SURVEY SAYS – What's Up for Boss' Day?

October 15, 2009 (PLANSPONSOR.com) - Tomorrow happens to be Boss' Day, which gives us all a good opportunity to think about our bosses.

This week, I asked readers if they planned to “acknowledge” the occasion in some way, and (on a somewhat related note), I asked them to share some insights about their boss’ strengths (and weaknesses).  

Well, most of this week’s respondents were planning to acknowledge the day in some way – a plurality ( 26.3% ) via a card, 21.3% via words, and nearly 19% with “food/lunch/treats” (including, as one reader noted, “We’ll bring in his favorite donuts” ).   Just 2.5% said “none of the above,” although nearly a third ( 32.5% ) said they had no plans to do anything about it.

That said, the final one-in-five opted for “other” – an interesting combination of folks who would be out of the office on that day, who currently had no boss (some unemployed, others WERE the boss), a gift, a combination of the above (one reader noted “Card and jar of peanut M&Ms or gummy bears” ). – or those who were truly going in a different direction:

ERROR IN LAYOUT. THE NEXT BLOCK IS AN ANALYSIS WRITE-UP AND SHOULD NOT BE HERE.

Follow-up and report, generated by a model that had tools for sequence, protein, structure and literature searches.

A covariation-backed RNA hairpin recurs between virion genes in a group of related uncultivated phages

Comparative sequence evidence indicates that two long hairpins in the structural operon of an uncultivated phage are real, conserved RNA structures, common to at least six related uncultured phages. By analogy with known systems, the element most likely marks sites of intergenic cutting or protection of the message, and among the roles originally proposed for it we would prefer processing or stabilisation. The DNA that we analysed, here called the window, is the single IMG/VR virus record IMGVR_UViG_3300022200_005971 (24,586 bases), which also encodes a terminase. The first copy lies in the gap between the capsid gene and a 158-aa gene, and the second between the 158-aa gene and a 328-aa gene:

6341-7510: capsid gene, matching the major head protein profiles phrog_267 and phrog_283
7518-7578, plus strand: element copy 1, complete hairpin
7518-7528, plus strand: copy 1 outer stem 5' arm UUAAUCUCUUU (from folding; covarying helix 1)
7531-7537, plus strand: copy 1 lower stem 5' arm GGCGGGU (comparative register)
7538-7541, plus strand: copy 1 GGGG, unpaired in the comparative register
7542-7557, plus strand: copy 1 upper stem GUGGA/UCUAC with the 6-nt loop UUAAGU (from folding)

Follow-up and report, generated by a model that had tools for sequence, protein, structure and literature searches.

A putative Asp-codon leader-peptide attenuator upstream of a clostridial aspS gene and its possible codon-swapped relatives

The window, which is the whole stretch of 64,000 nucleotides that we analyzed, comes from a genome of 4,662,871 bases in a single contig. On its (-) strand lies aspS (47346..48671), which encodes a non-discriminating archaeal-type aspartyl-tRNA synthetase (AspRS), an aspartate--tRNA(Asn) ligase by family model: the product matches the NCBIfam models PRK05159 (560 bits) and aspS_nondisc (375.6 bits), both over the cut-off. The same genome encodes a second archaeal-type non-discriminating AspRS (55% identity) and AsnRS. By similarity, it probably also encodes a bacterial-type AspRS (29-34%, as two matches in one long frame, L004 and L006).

• We’re having a group lunch with hamburgers, hot dogs and the fixings at our place of work. All employees who are not management contributed to the lunch.
  • I personally won’t acknowledge it because 1) my boss won’t be here and 2) either will I! However, the department usually puts on a potluck breakfast for all the “bosses”. This way all get recognized and I don’t have to do anything personally! If my boss was a good boss, I might make a bigger effort.
  • We roll Boss’s Day and Secretary’s Day into one day and celebrate HR Day (in May) – we celebrate everyone instead of just those people who are bosses and secretaries.
  • While I have an excellent boss, I intend to patently ignore the day.
  • Why acknowledge him when all he does it drive me crazy!